Thursday, July 3, 2014

Rights, government and a punctuation ambiguity in the Declaration of Independence

For rather obvious reasons, here at American Creation we take the 4th of July seriously. As we ramp up for the official Independence Day holiday here in the United States, the New York Time is running a story on what appears to be a newly discovered drafting ambiguity in the formal statement by the Continental Congress that got this whole America things rolling:  A Period is Questioned in the Declaration of Independence.

As the article details, the ambiguity isn't in a minor part of the Declaration, either, or in a one of the parts that hardly anybody reads anymore.  It is dead-center in the heart of the part of the Declaration that has been most interesting to Americans since the 1850s: the statement about inalienable rights and the basis of human government.  The way the text has traditionally been thought to read is as follows, with the newly-called into question punctuation in bold brackets:

We hold these truths to be self-evident, that all men are created equal, that they are endowed by their Creator with certain unalienable Rights, that among these are Life, Liberty and the pursuit of Happiness [.] — That to secure these rights, Governments are instituted among Men, deriving their just powers from the consent of the governed, — That whenever any Form of Government becomes destructive of these ends, it is the Right of the People to alter or to abolish it, and to institute new Government, laying its foundation on such principles and organizing its powers in such form, as to them shall seem most likely to effect their Safety and Happiness.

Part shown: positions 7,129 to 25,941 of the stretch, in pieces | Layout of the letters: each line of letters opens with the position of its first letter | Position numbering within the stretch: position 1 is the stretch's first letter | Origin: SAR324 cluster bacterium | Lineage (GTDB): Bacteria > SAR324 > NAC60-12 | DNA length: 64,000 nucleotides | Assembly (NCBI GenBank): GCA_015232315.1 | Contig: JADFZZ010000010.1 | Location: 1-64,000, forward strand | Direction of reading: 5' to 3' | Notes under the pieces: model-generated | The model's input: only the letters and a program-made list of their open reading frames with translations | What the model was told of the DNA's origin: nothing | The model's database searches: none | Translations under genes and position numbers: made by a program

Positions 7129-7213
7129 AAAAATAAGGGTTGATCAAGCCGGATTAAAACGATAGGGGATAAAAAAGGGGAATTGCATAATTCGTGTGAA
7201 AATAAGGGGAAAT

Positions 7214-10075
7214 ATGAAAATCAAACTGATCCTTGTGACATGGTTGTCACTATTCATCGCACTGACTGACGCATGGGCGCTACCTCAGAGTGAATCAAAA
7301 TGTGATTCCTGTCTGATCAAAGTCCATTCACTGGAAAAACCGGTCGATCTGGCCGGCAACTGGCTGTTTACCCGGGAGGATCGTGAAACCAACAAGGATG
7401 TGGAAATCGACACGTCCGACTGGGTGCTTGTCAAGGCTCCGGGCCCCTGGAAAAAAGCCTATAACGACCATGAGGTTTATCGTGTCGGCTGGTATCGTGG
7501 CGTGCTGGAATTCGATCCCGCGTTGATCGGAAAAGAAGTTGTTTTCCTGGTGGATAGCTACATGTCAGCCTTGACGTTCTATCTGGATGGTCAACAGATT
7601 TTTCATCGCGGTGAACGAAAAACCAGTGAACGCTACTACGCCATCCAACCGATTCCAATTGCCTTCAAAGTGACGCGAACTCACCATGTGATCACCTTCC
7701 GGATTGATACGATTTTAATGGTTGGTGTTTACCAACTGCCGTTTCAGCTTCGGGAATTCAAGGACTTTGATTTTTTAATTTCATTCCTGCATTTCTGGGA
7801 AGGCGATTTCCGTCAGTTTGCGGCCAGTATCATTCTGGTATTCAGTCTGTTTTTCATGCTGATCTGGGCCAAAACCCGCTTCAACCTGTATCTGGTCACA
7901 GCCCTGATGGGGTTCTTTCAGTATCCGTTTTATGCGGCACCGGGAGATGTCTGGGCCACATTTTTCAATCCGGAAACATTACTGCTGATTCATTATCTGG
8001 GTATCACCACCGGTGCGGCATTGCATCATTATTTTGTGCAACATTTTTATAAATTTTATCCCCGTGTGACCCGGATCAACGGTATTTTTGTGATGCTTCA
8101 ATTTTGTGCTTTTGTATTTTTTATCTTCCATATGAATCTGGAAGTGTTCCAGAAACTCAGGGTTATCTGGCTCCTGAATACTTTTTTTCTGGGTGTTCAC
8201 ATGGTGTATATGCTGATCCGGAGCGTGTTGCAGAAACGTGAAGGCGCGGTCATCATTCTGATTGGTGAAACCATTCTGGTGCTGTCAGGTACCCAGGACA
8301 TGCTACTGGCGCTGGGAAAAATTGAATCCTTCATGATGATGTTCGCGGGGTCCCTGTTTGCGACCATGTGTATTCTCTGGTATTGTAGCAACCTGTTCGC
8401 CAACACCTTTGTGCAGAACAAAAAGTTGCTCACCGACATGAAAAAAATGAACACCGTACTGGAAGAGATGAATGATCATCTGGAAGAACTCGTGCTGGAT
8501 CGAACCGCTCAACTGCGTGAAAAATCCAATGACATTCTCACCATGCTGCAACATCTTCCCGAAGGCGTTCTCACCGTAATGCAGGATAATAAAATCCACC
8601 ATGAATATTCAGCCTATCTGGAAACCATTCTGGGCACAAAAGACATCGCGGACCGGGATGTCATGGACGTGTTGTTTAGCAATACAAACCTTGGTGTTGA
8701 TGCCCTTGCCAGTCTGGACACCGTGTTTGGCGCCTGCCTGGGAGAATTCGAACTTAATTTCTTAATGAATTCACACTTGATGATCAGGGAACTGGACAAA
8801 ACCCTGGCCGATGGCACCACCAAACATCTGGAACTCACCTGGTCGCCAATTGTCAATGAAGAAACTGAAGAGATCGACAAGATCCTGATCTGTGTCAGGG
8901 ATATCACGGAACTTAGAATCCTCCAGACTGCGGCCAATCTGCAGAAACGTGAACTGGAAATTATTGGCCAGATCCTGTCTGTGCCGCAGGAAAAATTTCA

Why does this matter?  As the article explains:
The error, according to Danielle Allen, a professor at the Institute for Advanced Study in Princeton, N.J., concerns a period that appears right after the phrase “life, liberty and the pursuit of happiness” in the transcript, but almost certainly not, she maintains, on the badly faded parchment original.  
That errant spot of ink, she believes, makes a difference, contributing to what she calls a “routine but serious misunderstanding” of the document.

The period creates the impression that the list of self-evident truths ends with the right to “life, liberty and the pursuit of happiness,” she says. But as intended by Thomas Jefferson, she argues, what comes next is just as important: the essential role of governments — “instituted among men, deriving their just powers from the consent of the governed” — in securing those rights.  
"The logic of the sentence moves from the value of individual rights to the importance of government as a tool for protecting those rights,” Ms. Allen said. “You lose that connection when the period gets added.”
An interesting issue.  Fortunately, since the Declaration of Independence has no binding authority as a constitutional document, it is the kind of issue that likely won't have any major practical effect on how our rights and duties are understood legally.  But from the perspective of political philosophy, as well as basic drafting principles, the difference between a comma and a period in the text could be significant in understanding how the two parts of that section of the Declaration were meant to be read.